This is not a pipe…

As incredible and captivating art can be in its various forms, it seems that its complexity and wonder hasn’t yet matched the strange system of perception we use to appreciate it. We perceive the visual world within contexts so that a pipe isn’t a pipe and Duchamp’s toilet isn’t an actual toilet; it’s a story.

Artists are storytellers equipped with different sets of skills and objectives. Photographers capture moments with detail that is tailored to preserve the ideal memory. Studio artists utilize the collective movements in art over time to augment new ideas. Conversely, regardless of the collective movement of art, tattoos will always be personal no matter the subject. Designers clarify and argue a story with perspective that aims to outlive the generation that created it.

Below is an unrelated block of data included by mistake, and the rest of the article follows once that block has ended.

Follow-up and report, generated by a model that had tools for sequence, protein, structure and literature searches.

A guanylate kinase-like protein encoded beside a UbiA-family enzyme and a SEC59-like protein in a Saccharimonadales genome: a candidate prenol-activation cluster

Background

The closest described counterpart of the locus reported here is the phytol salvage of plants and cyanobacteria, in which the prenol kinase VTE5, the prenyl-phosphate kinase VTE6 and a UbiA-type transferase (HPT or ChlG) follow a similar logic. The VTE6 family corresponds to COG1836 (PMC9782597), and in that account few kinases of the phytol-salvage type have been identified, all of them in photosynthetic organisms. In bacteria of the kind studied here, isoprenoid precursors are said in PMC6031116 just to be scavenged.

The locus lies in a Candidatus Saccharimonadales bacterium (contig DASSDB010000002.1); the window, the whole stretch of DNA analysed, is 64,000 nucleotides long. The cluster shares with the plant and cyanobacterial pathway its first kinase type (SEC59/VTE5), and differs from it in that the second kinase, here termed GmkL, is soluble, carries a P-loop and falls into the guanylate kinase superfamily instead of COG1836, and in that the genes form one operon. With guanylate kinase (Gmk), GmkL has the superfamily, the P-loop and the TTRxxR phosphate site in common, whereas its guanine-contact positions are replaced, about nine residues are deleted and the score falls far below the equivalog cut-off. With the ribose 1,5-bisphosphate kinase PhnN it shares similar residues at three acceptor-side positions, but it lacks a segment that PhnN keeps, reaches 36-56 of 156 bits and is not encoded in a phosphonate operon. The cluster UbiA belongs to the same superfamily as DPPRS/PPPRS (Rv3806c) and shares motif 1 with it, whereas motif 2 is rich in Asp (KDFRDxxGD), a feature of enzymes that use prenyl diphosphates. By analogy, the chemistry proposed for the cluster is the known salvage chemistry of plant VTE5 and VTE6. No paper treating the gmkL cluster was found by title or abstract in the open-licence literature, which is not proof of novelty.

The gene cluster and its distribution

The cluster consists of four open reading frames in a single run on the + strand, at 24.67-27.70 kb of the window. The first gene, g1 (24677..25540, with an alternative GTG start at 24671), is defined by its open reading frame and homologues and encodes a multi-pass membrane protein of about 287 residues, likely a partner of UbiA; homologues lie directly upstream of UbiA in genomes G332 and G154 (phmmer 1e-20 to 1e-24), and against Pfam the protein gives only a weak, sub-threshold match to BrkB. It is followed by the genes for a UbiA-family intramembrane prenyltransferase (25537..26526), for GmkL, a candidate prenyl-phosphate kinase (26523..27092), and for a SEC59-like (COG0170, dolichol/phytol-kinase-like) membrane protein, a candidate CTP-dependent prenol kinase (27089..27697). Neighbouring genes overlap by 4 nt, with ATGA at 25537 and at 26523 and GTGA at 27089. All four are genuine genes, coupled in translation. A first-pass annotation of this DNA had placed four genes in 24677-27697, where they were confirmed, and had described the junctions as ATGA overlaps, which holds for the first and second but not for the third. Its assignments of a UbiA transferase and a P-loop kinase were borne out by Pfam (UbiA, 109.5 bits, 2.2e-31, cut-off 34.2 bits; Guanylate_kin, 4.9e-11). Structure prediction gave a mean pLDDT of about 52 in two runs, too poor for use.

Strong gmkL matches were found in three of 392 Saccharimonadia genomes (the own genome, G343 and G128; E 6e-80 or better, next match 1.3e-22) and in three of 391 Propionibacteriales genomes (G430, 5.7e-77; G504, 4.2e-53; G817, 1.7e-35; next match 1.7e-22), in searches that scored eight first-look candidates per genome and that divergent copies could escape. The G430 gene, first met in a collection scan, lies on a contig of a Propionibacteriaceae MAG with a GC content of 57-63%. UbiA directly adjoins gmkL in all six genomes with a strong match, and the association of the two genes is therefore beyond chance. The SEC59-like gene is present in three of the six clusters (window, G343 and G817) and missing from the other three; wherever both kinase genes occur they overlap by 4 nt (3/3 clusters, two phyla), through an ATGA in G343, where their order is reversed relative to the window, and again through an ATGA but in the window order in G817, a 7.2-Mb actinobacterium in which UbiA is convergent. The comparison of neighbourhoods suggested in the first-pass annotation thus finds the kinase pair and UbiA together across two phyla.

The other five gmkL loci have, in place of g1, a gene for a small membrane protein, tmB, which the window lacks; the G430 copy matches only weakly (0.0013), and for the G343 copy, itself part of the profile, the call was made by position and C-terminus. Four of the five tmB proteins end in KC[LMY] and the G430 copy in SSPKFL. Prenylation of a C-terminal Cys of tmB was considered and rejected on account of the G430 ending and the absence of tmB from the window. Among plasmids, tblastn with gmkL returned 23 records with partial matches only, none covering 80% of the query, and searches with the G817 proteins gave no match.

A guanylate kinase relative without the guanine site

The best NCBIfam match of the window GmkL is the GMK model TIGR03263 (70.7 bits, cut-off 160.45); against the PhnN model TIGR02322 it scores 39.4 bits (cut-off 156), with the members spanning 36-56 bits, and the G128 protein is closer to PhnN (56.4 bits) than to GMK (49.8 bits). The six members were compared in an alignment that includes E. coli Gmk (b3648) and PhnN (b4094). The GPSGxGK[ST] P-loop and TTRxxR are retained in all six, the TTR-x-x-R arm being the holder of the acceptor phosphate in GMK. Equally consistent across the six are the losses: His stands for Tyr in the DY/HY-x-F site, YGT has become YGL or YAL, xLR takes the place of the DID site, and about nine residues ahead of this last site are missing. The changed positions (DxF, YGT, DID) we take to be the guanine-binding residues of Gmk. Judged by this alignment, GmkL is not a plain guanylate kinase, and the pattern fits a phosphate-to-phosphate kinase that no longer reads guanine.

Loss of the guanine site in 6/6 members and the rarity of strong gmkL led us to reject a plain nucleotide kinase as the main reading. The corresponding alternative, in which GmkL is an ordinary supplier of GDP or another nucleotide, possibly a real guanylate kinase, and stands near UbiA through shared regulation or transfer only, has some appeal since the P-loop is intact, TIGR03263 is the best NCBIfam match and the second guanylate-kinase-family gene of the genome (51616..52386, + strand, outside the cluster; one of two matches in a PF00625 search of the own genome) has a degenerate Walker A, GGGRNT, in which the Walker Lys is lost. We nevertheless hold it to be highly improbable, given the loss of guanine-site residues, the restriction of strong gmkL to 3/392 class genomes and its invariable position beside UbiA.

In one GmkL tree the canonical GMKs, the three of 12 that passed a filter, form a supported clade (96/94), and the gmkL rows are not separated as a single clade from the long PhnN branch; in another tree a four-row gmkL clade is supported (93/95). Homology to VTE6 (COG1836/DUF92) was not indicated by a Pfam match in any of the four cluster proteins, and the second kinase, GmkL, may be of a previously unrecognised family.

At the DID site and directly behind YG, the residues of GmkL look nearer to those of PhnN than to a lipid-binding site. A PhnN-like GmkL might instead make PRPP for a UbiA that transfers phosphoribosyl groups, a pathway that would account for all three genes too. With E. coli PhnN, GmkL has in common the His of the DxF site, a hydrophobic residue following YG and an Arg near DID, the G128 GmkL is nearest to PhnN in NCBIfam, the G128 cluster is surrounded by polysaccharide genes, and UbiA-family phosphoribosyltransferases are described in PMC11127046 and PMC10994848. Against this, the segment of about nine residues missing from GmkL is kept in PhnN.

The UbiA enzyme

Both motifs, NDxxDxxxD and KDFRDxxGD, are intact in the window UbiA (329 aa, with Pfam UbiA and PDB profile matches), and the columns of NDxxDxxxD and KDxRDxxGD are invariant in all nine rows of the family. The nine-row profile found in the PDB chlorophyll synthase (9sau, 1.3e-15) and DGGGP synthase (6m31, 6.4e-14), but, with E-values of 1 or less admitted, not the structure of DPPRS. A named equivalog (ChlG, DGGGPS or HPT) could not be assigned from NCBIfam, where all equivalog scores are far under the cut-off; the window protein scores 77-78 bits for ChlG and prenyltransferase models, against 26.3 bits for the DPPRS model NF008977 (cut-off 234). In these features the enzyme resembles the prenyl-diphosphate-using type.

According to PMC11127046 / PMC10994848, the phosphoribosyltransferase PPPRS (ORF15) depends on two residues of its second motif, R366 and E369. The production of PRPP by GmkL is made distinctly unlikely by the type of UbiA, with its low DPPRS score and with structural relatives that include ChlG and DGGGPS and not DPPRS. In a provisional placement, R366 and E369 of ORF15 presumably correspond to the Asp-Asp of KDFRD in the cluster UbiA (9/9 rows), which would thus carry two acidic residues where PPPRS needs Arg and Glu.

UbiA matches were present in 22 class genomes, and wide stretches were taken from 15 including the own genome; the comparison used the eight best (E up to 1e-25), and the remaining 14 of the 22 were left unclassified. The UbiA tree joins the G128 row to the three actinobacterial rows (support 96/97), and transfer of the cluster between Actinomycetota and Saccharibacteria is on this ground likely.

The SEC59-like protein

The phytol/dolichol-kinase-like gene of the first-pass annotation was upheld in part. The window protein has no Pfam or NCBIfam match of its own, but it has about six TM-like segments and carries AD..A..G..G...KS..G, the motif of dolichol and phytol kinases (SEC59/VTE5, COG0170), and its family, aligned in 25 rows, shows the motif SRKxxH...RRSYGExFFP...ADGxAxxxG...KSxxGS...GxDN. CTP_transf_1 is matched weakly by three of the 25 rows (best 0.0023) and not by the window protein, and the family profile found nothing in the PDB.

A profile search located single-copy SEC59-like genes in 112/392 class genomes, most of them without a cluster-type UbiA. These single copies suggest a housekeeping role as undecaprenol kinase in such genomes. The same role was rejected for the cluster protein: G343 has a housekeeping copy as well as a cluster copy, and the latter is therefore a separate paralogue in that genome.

The language of art seems to have developed so that expression fits within cultures that have passed down a sort of visual syntax over many generations. So like language, does art have a sort of generative grammar that might reveal future and possible forms of visual communication?

One clap, two clap, three clap, forty?

By clapping more or less, you can signal to us which stories really stand out.